We’ve been talking to them for a while now and we think we’ve made a lot of progress. We certainly look forward to hopefully continuing our relationship.

All I’ll say is that obviously we have been working on it for a long time. It’s relatively complex, because you’re looking at multiple partners, you’re looking at a long-term deal.

And you’re looking at two different soccer properties, too, by the way - MLS and U.S. Soccer [national team games]. It has taken a little bit of time, but I think at the end of the day, certainly the end result will be something that I think MLS and U.S. Soccer will be able to build on, that’s for sure.

Executive producer Jed Drake also shared his thoughts on the same subject:

Our relationship with MLS is hugely important. All the time, we are interacting with them. We care a great deal about recognizing their importance to the growth of soccer in this country. We grow with them. There’s a great symbiotic relationship. The more that MLS grows and becomes more viable in this country, the better it is for us. We both work towards that commonality.

And when we see, now, players come back in to the fold - whether that’s [Michael] Bradley, whether that’s [Clint] Dempsey, and others - that’s a good thing. From Jurgen [Klinsmann]’s short-term perspective, it may not be the most desired thing to see them playing over here, but that’s Jurgen’s issue and he’ll deal with it. From our perspective, it’s great to see the continued growth of this league.

I have made a very big deal of the TV negotiations in my writing, and not just because it has become something of a beat for me. The money that comes from the next rights contract really will determine the future of Major League Soccer.

Every big American sport and every big soccer league on the planet is fueled by television revenue. If MLS is to rise in both those rankings, the money required can’t come just from the owners. Even the wealthiest among them can’t match the money television can bring to the table.

If you want to see a higher salary cap, more investment in academies, bigger rosters, or just about anything else that requires a significant amount of spending, the only place that money can come from is television.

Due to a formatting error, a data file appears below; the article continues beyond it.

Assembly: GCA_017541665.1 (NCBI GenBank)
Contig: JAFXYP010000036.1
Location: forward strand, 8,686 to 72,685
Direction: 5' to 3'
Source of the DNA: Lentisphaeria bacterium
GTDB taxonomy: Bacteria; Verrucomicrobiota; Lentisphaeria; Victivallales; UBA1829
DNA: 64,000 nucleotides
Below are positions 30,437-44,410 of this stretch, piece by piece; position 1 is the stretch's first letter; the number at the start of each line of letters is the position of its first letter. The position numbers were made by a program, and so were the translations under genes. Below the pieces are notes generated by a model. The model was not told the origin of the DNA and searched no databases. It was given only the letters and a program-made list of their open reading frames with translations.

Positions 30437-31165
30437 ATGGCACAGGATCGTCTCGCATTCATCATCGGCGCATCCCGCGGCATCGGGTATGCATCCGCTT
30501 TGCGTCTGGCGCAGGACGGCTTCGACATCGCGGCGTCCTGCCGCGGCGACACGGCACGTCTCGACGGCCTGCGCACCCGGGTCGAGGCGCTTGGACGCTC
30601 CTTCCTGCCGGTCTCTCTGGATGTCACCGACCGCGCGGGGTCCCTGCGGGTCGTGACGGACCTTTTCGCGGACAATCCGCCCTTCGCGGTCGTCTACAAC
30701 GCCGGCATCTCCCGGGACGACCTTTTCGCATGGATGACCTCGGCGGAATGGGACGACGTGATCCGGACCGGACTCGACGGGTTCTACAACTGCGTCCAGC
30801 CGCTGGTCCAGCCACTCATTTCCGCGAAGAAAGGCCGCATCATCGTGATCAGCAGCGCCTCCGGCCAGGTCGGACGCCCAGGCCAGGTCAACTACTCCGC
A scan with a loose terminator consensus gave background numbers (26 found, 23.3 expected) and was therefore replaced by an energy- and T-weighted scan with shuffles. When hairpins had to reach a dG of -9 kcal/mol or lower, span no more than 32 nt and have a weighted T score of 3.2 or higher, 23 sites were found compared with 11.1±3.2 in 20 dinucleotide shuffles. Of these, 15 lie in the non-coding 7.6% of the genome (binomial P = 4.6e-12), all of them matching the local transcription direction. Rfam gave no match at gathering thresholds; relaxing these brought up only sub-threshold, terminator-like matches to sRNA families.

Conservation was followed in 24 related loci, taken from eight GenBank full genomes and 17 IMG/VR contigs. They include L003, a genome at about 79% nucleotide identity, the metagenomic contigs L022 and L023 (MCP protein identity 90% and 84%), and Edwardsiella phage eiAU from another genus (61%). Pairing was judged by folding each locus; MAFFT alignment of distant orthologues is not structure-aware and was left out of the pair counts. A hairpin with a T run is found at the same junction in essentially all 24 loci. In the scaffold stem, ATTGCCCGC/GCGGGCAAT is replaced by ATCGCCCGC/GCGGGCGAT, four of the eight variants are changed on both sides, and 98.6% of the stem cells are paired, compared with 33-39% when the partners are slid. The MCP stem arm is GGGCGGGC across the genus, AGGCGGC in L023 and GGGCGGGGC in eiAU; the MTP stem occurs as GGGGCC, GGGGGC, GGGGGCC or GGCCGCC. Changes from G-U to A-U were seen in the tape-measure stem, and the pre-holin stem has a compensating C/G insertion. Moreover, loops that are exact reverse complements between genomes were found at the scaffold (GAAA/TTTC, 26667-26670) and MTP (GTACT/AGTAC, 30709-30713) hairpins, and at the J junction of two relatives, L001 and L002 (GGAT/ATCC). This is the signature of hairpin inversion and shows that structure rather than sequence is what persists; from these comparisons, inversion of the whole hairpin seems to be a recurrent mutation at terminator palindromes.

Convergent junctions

Lalas has seen the impact that television revenue can have not only as a ESPN pundit, but in his previous life as a MLS club executive.

"If a broadcaster is going to pay a drastically higher rate, they are going to expect something in return," he told me. "I think it’s well within their right to expect to see that money be injected into the league and have tangible results of better players and higher-profile players. It’s fair to ask them to do that."

Twellman also addressed the issue at length, and he wasn’t afraid to be blunt. I will leave you with his remarks, and you can share your thoughts in the comment section below.

It’s the elephant in the room. Every other sport in our country has been able to spend the amounts of money that they can, why? Because of television. So Major League Soccer has to get television right. That’s the elephant, the one thing this league has to figure out, and it has to figure it out immediately.

Is some of it on the television rights-holders? Yes. The same [kickoff] times, more promotion, that stuff. The "four major professional sports" talk, that’s got to go. I get all that.

But on the other hand, if you’re a Major League Soccer fan, you can’t say you’re a Major League Soccer fan when you don’t watch the national broadcasts. How can you be a U.S. soccer fan and not be a Major League Soccer fan? Right? I’m asking that to the people. I don’t get it. 

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The Goalkeeper is your home for the latest news about the Philadelphia Union, Major League Soccer, U.S. national teams and the rest of the world's most popular sport. It's also a place for fans to gather and celebrate the culture of soccer and its unique place on the sports landscape.